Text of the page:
On August 28, Montréal Exchange
Inc. (MX), the leading Canadian derivatives
exchange, and ICE Futures Canada,
Inc. (ICEFC), Canada's largest agricultural
derivatives platform, received Orders of Registration from the U.S. Commodity Futures Trading
Commission (CFTC) as Foreign Boards of Trade
(FBOTs). The FBOT approvals permit MX and ICEFC to provide their
identified members or other participants located in the U.S. with
direct access to their electronic order entry and trade matching
MX and ICEFC previously provided direct access on the basis of
no-action letters issued by CFTC staff. The no-action letters were
automatically withdrawn upon the issuance by the CFTC of the FBOT
orders. MX will offer direct access for futures contracts on
interest rates and certain broad-based security indices, as well as
options on futures contracts based on the Canadian overnight repo
rate average (CORRA) and ten-year Government of Canada bonds. ICEFC
will offer direct access for futures and options contracts on
milling wheat, canola, durum wheat, and barley.
The CFTC issued the FBOT orders in accordance with Part 48 of
its regulations, which requires that, in reviewing an application
for registration, CFTC staff examine, among other things, whether
the foreign board of trade and its clearing organization are
subject to comprehensive supervision and regulation by the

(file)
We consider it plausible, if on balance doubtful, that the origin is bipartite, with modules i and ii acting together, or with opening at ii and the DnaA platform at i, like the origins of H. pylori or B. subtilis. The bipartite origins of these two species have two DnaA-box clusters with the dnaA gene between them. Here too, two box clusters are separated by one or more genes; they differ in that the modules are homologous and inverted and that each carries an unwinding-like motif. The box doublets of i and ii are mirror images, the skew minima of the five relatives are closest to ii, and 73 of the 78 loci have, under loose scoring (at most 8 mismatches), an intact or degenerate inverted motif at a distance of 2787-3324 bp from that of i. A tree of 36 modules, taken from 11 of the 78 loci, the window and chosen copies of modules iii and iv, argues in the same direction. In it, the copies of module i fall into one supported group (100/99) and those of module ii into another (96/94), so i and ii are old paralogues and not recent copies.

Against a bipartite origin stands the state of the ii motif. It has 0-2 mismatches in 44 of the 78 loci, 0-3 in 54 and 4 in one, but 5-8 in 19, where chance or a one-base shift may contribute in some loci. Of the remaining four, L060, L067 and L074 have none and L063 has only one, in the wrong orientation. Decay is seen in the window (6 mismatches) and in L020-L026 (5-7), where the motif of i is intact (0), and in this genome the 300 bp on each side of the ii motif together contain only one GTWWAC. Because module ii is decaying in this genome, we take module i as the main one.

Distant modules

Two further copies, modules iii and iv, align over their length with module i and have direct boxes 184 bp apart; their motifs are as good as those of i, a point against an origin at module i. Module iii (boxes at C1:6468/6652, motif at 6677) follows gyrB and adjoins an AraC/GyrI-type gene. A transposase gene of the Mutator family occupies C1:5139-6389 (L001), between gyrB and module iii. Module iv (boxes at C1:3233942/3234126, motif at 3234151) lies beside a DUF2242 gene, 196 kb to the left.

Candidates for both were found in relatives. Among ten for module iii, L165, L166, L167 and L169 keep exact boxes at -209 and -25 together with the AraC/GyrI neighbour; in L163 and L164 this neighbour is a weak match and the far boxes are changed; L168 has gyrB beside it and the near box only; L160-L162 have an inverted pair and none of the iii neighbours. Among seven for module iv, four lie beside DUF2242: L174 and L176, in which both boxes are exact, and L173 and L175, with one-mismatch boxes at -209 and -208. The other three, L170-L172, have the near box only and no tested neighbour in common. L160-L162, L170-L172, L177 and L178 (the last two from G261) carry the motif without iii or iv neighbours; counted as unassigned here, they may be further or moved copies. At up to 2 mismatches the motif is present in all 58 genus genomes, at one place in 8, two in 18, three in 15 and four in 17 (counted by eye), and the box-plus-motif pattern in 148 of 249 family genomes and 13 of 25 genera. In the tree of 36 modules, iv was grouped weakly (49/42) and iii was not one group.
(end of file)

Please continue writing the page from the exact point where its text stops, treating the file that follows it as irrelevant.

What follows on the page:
appropriate governmental authorities in their home country or
countries that is comparable to the comprehensive supervision and
regulation to which designated contract markets and derivatives
clearing organizations are respectively subject under the U.S.
Commodity Exchange Act, CFTC regulations, and other applicable U.S.
laws and regulations.
Because MX is regulated under Quebec derivatives legislation and
ICEFC is regulated under Manitoba securities laws, this development
is significant in establishing that Québec's Autorité des marchés
financiers (which oversees the MX) and the Manitoba Securities
Commission (which oversees ICEFC) each
provide comprehensive supervision and regulation that the CFTC
views as comparable to the supervision and regulation exercised by
the CFTC over these types of markets in the United States.
Conversely, this decision should also be helpful in supporting
recognition and registration applications in Quebec, Manitoba and
other Canadian jurisdictions for derivatives market infrastructure
and market participants that are subject to CFTC regulation and
oversight in the United States.
For further information, please consult the announcements by the
CFTC and MX.
The content of this article is intended to provide a general
guide to the subject matter. Specialist advice should be sought
about your specific circumstances.
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